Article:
City Manager Ed Koryzno, Ypsilanti Police Chief Amy Walker and Administrative Services Director April McGrath present police layoffs to City Council, part of a $1.4 million package of cuts.
Ypsilanti Farmers Market

Overtime costs and service impact questioned about $1.4 million in cuts

By Dan DuChene
Jan. 12, 2010    ·    2:19 p.m.


In an effort to cut $1.4 million from its budget, City Council discussed a proposal to layoff police officers and fire fighters while reducing administrative pay.

City Manager Ed Koryzno made the presentation to City Council Monday night during a budget workshop held at City Hall. His plan is to have all layoff and salary reductions effective by March 1.

Aside from already transferring the city’s dispatchers to Washtenaw County, for an estimated savings of $158,000, Koryzno plans to layoff five police officers, six firefighters and reducing administrator pay by 5 percent through closing City Hall 13 days out of the year.

Koryzno cited shrinking revenue from decreases in taxable values in the city and increasing expenditures as the main causes for needing the cuts. Without reductions in expenditures, he estimates the city’s general fund balance will begin shrinking every year starting this year and eventually end up $2.9 million in the red by 2015. If the cuts are made, he expects the balance to decrease steadily starting next year, but still keep $500,000 by 2015.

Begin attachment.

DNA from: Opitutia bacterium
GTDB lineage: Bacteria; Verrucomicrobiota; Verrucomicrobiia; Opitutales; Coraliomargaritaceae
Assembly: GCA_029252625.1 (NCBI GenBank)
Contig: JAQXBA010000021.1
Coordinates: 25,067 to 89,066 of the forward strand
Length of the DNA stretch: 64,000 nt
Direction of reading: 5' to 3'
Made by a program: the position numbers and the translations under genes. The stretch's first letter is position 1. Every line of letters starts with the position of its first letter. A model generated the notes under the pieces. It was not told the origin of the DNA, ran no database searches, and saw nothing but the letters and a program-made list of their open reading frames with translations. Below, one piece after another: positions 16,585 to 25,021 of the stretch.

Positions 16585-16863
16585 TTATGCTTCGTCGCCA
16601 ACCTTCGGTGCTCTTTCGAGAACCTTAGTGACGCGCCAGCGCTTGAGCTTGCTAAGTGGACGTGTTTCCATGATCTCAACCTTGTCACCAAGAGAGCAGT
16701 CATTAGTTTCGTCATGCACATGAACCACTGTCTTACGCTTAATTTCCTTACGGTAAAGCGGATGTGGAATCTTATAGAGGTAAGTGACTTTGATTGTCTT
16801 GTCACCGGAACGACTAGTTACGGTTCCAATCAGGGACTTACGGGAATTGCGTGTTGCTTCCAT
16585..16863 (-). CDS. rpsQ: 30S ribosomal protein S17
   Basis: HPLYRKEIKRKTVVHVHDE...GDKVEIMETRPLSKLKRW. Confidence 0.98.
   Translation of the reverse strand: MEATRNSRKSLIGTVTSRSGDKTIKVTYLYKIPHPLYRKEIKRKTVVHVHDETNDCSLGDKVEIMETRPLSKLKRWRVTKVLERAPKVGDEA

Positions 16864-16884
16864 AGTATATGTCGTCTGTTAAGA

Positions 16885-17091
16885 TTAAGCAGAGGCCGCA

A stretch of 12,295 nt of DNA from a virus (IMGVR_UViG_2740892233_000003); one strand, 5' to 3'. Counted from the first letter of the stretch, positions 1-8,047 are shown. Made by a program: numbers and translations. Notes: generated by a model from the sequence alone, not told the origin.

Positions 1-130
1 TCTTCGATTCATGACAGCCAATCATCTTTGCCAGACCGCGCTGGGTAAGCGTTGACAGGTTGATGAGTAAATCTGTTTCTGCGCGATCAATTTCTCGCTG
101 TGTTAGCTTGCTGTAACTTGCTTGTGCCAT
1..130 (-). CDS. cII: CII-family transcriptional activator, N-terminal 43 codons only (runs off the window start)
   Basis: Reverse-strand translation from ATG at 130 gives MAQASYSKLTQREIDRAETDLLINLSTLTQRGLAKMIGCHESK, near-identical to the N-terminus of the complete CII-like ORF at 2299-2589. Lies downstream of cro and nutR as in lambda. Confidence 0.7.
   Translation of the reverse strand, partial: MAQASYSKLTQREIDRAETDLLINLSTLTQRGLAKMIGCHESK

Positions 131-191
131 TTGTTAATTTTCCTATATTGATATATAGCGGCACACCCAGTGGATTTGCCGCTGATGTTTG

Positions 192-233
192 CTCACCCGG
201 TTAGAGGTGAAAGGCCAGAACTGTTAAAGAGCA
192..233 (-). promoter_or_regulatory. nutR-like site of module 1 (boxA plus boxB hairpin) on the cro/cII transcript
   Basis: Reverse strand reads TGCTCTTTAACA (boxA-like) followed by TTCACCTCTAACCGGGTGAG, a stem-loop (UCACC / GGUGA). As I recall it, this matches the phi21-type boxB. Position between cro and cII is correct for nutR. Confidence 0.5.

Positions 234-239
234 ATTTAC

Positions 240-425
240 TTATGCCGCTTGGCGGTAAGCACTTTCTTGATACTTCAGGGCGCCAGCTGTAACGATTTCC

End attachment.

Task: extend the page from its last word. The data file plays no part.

He expects the city to begin deficit spending in 2012.

Nearly 70 percent of the proposed cuts are out of what Koryzno called “public safety” departments. An anticipated $520,000 is planned to come out of the Ypsilanti Police Department and the Ypsilanti Fire Department is expected to shed $441,000 in costs. All of the savings are expected to come from personnel costs.

The plan for YPD includes eliminating the lieutenant position formerly held by new chief Amy Walker. It also calls to have an additional officer assigned to the LAWNET, a regional narcotics policing agency operated in Washtenaw and Livingston counties.

This plan would result in one less officer on the road at night and additional responsibilities for command officers and civilian employees.

“Core services can still be done,” Walker said at the meeting. “Emergency calls will be answered.”
However, she said lower priority calls, such as larceny from a motor vehicle and vandalism would have to wait if officers are already responding to other more serious emergencies. He also said the plan could have an impact on overtime costs and force the department to rely on neighboring agencies more.